Statue outside the Riverside Stadium of Middlesbrough F. C.
|Full name||Wilfred James Mannion|
|Date of birth||16 May 1918|
|Place of birth||South Bank, Middlesbrough, England|
|Date of death||14 April 2000(aged 81)|
|Place of death||Teesside, England|
|* Senior club appearances and goals counted for the domestic league only.
† Appearances (Goals).
Wilfred ("Wilf") James Mannion (16 May 1918 - 14 April 2000) was an English professional footballer who played as an inside forward, making over 350 senior appearances for Middlesbrough. He also played international football for England. With his blond hair, he was nicknamed "The Golden Boy".
Mannion fought in France and Italy during World War II, and on his return he wanted to leave Ayresome Park, but the club refused to sell him. In 1948 he went on strike to try and force a move, but this made him ineligible to play for England, and he eventually backed down and started playing for Middlesbrough again.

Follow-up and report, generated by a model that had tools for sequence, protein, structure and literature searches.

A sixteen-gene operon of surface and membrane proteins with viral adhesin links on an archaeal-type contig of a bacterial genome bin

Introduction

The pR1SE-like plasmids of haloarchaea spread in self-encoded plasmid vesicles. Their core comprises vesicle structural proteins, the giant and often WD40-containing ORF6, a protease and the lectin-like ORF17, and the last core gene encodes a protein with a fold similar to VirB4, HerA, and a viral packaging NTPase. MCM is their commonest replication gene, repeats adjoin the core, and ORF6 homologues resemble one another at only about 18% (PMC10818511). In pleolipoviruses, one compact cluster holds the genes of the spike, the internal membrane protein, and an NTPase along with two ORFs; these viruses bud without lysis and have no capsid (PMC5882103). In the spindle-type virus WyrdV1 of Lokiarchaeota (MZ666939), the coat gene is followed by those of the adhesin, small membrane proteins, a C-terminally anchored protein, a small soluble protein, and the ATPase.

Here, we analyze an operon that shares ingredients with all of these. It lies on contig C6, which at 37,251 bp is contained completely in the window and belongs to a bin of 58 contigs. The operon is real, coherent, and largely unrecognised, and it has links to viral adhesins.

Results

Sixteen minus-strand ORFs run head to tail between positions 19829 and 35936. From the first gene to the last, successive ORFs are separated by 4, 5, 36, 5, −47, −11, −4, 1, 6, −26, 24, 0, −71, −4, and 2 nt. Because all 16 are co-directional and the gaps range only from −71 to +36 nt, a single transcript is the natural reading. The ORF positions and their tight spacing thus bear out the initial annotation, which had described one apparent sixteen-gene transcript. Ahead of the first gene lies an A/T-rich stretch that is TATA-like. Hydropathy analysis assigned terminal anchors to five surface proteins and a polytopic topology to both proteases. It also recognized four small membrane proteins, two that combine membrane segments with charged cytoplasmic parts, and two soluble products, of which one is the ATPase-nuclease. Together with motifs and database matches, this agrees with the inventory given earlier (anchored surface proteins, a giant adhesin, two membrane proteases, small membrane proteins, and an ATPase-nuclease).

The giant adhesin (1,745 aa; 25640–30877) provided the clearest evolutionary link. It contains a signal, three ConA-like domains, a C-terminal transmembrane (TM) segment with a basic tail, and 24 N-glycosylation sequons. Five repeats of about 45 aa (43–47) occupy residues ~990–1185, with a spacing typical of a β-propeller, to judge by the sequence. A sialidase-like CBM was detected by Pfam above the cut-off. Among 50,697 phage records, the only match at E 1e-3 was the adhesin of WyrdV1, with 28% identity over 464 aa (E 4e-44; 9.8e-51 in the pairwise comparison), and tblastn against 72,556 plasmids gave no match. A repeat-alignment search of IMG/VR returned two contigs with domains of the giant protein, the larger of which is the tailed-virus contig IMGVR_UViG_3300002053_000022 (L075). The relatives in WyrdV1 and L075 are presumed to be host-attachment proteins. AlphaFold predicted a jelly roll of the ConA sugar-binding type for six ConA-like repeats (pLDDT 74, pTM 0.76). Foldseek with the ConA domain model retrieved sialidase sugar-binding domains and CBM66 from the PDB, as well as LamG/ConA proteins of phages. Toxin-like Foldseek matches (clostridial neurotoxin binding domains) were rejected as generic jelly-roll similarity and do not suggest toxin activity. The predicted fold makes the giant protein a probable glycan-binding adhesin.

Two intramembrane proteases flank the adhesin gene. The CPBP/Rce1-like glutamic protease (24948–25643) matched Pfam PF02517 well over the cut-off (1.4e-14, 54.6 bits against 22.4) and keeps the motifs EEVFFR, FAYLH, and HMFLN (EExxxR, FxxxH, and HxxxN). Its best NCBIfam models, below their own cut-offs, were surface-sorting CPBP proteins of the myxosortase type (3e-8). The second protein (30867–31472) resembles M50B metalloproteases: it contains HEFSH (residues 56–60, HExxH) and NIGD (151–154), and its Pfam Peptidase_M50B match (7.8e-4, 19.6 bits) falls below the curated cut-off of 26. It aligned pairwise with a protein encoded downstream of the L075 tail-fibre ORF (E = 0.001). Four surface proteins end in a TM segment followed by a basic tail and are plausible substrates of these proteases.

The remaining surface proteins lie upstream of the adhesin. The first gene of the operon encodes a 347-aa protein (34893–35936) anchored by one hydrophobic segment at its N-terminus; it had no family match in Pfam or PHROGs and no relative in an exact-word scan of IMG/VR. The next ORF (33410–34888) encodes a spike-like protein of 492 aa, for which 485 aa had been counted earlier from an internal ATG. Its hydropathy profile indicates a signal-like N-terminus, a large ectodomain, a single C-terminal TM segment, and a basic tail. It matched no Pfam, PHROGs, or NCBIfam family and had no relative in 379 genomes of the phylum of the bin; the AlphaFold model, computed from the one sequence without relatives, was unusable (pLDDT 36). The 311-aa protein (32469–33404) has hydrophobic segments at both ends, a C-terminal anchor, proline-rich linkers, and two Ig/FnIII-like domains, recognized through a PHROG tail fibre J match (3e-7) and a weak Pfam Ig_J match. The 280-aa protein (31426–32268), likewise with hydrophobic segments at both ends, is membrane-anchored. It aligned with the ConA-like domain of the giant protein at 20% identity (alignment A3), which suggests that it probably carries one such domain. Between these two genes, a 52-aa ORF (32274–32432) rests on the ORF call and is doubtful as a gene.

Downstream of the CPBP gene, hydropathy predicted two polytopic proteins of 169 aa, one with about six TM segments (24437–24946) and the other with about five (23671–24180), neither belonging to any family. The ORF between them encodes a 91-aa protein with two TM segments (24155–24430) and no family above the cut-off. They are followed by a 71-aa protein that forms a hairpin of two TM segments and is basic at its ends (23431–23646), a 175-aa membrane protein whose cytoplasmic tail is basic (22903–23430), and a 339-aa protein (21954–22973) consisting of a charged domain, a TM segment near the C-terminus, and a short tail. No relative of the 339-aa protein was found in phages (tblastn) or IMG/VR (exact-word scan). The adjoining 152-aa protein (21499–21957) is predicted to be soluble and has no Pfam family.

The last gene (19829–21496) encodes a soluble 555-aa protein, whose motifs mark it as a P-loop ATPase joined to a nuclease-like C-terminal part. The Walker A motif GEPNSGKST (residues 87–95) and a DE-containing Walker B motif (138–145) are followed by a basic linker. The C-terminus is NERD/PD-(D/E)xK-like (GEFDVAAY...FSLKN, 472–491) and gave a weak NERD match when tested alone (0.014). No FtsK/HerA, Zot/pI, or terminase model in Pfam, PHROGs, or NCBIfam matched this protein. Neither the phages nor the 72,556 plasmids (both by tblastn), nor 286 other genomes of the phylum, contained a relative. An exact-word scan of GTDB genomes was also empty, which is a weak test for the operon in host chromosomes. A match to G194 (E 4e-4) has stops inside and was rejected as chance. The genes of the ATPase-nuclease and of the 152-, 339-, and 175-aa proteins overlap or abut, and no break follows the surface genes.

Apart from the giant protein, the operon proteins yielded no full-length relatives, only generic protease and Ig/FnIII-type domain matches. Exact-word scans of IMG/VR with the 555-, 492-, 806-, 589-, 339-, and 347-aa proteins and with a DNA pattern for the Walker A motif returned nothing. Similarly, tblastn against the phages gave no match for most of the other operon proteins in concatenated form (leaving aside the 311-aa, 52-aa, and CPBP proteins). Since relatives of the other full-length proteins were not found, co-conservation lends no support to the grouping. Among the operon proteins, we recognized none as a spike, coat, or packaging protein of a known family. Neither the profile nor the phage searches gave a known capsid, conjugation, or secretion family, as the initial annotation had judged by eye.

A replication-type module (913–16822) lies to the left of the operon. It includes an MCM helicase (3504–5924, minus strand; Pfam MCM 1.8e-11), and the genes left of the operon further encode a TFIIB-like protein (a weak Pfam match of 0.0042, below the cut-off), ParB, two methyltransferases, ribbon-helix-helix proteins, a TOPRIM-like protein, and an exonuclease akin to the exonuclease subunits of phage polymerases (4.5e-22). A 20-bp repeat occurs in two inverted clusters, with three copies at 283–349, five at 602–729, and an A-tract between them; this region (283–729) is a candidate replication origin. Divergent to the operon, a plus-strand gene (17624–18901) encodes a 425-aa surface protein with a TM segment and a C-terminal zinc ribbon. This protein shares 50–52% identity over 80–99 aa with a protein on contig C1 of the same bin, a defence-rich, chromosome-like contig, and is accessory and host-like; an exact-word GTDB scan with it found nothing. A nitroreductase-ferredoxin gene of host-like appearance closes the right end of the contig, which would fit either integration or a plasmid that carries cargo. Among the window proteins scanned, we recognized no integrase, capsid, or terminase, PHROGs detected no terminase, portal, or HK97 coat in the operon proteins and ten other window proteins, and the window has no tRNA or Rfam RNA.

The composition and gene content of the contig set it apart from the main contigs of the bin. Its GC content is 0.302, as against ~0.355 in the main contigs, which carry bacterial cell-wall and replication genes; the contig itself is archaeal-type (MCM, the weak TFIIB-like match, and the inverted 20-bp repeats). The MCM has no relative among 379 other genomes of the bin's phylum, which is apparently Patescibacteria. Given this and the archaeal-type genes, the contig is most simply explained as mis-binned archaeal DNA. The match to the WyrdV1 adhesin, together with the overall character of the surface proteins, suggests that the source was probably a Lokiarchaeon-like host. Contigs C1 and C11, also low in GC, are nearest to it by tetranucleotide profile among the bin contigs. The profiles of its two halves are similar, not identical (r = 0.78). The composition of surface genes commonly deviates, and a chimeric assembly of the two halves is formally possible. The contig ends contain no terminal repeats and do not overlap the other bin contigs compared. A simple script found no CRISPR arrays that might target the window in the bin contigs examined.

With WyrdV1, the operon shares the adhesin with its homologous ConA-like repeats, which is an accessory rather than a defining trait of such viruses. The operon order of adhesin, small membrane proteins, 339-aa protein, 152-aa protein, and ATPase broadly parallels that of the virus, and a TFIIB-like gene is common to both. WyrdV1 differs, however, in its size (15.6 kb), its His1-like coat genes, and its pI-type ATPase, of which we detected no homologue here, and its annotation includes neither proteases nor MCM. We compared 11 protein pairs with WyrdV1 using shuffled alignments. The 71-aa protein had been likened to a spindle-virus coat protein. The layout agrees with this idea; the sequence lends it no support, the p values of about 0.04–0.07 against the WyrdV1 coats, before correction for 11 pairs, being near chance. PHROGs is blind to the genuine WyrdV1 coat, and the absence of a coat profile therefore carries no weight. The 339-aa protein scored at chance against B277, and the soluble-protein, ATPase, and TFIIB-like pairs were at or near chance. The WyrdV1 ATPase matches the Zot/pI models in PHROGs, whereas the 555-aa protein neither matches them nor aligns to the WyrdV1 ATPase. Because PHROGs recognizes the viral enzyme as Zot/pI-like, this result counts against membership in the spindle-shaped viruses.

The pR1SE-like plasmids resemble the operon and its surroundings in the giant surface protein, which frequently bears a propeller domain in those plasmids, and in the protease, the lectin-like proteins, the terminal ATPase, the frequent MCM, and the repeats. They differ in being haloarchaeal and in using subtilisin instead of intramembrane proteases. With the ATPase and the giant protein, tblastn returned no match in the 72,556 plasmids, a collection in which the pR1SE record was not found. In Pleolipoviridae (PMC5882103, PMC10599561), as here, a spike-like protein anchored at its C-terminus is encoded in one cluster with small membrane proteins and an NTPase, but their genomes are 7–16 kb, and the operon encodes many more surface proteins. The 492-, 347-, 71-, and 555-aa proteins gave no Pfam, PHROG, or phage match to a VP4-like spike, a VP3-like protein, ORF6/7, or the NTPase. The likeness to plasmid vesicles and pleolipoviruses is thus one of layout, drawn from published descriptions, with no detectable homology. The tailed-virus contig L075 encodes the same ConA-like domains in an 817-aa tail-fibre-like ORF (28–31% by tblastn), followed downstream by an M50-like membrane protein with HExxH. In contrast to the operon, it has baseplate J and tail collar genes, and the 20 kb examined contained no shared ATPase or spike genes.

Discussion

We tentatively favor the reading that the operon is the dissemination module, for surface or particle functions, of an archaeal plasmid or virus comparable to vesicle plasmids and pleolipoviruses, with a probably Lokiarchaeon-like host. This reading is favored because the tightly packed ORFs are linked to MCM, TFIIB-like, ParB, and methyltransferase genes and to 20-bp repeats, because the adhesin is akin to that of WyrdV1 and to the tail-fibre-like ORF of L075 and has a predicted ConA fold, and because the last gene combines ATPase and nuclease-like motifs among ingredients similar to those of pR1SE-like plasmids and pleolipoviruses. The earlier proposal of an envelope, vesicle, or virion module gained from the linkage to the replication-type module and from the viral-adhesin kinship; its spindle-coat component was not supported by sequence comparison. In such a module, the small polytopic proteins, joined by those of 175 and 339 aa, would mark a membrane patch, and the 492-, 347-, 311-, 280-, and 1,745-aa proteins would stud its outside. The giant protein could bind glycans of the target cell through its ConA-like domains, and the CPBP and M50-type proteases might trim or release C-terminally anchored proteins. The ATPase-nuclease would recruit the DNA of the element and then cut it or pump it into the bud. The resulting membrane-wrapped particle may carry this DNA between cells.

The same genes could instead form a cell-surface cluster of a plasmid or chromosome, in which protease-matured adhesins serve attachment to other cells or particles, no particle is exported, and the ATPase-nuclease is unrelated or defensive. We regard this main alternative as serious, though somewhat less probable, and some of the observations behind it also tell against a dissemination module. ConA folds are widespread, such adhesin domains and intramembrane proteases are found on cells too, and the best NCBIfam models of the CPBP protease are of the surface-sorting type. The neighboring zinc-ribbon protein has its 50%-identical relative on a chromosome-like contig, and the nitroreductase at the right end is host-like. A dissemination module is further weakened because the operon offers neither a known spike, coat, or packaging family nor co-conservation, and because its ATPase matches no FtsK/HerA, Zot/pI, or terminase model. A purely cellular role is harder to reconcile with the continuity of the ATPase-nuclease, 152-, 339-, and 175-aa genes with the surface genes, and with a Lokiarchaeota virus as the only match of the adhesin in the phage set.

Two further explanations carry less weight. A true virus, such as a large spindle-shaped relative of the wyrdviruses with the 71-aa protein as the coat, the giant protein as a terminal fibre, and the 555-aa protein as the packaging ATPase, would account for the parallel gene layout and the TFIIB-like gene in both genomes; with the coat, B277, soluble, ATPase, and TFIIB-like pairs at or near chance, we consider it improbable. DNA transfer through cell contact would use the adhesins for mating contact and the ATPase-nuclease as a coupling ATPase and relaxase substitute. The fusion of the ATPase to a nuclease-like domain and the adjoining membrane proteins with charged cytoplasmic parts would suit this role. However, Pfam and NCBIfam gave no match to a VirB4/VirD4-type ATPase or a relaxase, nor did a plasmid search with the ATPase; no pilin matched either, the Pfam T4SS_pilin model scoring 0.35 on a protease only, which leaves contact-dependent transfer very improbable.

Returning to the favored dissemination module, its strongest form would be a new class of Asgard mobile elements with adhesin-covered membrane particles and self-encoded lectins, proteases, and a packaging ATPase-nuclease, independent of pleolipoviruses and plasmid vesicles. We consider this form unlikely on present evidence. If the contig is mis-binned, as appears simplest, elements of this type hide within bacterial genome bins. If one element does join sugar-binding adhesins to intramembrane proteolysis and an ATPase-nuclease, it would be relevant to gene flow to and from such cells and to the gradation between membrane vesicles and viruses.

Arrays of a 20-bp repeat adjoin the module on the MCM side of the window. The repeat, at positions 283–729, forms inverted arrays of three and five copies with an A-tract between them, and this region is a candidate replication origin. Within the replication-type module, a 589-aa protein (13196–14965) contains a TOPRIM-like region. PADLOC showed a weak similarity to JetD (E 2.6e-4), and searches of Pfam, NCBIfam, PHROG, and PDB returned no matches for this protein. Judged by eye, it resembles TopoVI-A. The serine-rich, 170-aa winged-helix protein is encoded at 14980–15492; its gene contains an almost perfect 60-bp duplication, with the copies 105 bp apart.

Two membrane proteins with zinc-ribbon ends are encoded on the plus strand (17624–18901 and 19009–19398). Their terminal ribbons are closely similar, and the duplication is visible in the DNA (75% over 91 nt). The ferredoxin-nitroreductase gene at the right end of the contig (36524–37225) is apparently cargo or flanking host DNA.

He was capped on 26 occasions by the England national football team between 1946 and 1951, and his final appearance came on 3 October 1951. He was a member of the England squad for the 1950 FIFA World Cup.
After initially retiring as a player in 1954, Mannion subsequently joined Hull City. However, the Football League suspended him for articles he had written, and he left to play non-league football with Poole Town. He also had an unsuccessful spell as manager of Cambridge United.
Mannion died on 14 April 2000 at the age of 81.
- Brian Glanville (15 April 2000). "Wilf Mannion". Obituary. The Guardian. Retrieved 29 July 2010.
- English Hall of Fame Profile[dead link]
- N. Varley (2002) Golden Boy: A Biography of Wilf Mannion, Aurum Press Ltd, ISBN 1-85410-879-4
- "The Original Golden Boy: The Wilf Mannion Story". This is the north east. communigate.co.uk. Retrieved 30 July 2010.[dead link]
- Football League Career Stats at Neil Brown
- "England's Players - Mabbutt to Murphy". England Football Online. Retrieved 28 December 2012.
- "Wilf Mannion 1936-54". Middlesbrough FC. Retrieved 11 December 2011.
- "Hero duo get footballing honour". BBC. 4 November 2004. Retrieved 25 August 2013.